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  • Writer's pictureTim and Lindsey

A right ol’ mix of two days - Days 363 - 364

I couldn't think of a good title for the last two days - many different things happened . It was a right ol' mix of two days. What would you call it?

THE major event of Day 363 was that Tim had his beard shaved off and how just has a moustache. Our friends on Facebook went made, likes, comments...mostly cheeky. He looks at least 10 years younger now!

but that’s not all that happened. We did have a bit of a chillax day, catching up on writing and emails, walking down to East Head Café for lunch (our favourite foodie place around here), and then we popped in to see Peggy, who took us to the township the other day. She does so much for the local people we wanted to support her.

I had been thinking about all that she does and how to support the township further. It would have been great to run some entrepreneurial workshops, but that’s not going to happen at the moment. We’re on the move again tomorrow. However, I suddenly had a lightbulb moment and wanted to share this with Peggy. When we were in South Korea, we visited Gamcheon (Day 246) which used to be a slum area until 10 years ago. Two village art projects were launched by local artist and residents, transforming the place, improving the housing conditions and painting murals to renovate the town. The area has become a great example of urban rejuvenation, a role model to transform other slum areas around the world. If it can happen in South Korea (and we have read of a place in Mumbai, India as well), then what about Knysna in South Africa?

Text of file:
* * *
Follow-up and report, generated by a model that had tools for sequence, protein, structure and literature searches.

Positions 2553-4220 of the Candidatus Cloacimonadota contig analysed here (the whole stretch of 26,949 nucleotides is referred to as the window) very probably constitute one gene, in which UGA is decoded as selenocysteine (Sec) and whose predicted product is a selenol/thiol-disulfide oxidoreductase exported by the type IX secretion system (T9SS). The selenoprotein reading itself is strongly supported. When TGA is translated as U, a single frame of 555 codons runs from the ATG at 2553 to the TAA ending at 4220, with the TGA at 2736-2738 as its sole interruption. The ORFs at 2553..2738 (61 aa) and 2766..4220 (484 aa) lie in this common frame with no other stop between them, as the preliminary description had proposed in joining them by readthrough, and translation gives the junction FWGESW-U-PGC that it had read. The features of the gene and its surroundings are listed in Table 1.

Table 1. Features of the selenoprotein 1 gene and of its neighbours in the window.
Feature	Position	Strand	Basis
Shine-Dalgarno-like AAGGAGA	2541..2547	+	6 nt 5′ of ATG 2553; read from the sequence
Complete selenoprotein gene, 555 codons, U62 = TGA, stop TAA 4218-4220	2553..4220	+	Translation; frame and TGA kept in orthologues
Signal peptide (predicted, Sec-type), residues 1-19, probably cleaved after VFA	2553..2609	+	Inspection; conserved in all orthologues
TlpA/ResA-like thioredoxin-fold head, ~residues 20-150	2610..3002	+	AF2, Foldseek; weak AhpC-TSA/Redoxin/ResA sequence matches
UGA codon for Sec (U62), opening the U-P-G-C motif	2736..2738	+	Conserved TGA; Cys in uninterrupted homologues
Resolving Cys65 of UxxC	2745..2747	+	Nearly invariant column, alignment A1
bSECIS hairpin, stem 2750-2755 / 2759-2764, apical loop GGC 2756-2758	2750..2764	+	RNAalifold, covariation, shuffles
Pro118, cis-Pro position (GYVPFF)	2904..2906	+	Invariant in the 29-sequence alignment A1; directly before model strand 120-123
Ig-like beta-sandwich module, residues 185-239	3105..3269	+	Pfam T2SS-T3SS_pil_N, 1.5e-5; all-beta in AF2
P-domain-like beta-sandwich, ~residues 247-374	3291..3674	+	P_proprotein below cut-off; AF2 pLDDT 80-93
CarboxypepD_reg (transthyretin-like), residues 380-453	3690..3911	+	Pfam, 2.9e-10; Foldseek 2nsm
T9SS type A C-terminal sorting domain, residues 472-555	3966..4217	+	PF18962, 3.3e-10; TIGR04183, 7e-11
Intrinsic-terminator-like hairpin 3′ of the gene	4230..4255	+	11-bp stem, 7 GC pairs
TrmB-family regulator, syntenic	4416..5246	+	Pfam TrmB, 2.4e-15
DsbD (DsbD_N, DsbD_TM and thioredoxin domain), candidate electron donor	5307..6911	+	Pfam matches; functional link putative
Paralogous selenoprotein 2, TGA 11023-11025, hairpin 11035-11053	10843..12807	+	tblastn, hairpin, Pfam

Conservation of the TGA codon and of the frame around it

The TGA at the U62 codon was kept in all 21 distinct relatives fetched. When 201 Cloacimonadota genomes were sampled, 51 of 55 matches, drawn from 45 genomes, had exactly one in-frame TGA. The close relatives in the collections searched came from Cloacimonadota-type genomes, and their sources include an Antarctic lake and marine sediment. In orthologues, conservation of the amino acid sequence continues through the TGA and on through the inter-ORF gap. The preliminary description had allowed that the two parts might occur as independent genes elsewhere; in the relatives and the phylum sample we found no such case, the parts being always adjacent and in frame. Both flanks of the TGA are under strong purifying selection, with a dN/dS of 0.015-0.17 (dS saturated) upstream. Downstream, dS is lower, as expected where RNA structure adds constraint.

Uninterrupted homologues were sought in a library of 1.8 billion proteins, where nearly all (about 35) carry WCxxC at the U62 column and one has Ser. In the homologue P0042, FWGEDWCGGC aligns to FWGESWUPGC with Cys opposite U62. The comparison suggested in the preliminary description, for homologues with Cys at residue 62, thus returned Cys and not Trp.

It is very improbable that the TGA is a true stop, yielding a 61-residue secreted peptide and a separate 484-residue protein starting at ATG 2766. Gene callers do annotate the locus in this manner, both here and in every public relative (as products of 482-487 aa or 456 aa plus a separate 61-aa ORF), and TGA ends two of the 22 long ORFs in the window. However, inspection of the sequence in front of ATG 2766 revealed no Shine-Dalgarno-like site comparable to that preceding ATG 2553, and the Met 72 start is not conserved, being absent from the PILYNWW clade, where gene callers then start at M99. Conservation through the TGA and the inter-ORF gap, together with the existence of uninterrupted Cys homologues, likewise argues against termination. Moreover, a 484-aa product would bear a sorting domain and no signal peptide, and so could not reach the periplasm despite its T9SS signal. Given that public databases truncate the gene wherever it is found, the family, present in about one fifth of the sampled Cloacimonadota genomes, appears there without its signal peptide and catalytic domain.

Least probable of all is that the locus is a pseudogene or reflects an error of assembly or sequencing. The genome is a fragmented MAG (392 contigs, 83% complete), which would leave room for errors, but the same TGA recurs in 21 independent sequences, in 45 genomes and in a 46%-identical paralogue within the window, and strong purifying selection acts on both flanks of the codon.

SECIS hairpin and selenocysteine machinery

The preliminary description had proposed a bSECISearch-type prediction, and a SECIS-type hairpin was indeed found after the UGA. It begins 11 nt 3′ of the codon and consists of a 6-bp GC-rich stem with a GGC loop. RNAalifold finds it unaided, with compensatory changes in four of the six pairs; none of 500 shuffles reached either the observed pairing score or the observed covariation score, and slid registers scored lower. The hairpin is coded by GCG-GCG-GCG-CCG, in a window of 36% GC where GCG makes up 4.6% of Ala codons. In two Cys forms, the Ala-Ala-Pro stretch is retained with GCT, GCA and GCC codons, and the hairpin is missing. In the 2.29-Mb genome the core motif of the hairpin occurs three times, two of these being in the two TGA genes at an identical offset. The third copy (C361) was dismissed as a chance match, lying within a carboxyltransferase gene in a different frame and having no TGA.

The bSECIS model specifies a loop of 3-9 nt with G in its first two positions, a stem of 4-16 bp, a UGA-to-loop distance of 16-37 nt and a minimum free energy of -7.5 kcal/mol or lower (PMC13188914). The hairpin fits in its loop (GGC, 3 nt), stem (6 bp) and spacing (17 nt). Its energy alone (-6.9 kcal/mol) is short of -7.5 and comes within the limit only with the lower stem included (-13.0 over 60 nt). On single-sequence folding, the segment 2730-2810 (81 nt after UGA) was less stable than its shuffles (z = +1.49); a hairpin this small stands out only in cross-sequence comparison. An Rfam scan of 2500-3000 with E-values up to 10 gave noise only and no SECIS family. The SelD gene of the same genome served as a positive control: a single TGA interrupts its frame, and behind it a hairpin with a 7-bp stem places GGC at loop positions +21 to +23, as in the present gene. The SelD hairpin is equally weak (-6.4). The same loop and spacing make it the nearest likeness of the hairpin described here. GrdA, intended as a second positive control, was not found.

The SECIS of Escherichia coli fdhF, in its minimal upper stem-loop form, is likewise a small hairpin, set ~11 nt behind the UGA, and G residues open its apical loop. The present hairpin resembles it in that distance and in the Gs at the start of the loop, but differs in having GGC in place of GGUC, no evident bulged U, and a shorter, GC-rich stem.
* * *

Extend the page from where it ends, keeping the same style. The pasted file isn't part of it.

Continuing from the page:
Peggy’s face looked so inspired, especially when she saw the fish collage that the school children had made. I could see her creative brain ticking away. I also told her about crowdfunding, and we had a look at a few offerings online. If you have ever done any crowdfunding or can give Peggy advice, please do.

Day 364 – off for another trek. We drove east today, sadly seeing more trees that have been damaged by the recent fires. On the way, we stopped off at Bloukrans Bridge where one of the world's highest commercial bridge bungee jumps is located. It is 216m above the Bloukrans River. No, we didn’t do it. I really don’t see the point. I’d rather do a skydive than a bungee…a lot of money and it only lasts seconds. Watching though was fun.

Next stop, Storm River Village. The leaflet about the place is written very well, describing the history, when herds of elephants roamed the land living in harmony with the San tribe, both migrating as the seasons dictated. After centuries like this, it all changed in the mid-1800s. Woodcutters started raping the forests. Luckily the area was proclaimed as a National Park, saving the trees and then a new era with tourists arrived. Ahem, I think that means us. Mind you, we are #grownuptravellers rather than tourists!

We do usually find great cafes, but got it a bit wrong today. After having a rather insipid coffee, we then came across Bitou Bistro, which looked lovely. What a shame. It also had a tourist information office AND an Art Gallery. The weird thing is that as we were walking there, I was contemplating that we haven’t looked at much art recently. Viola! I really liked the artwork of the owner, Johan Brink. On his art website, it says that “He loves the unfussiness of the South African landscape” and this shows in some of his watercolours, which are quite simple in a beautiful way.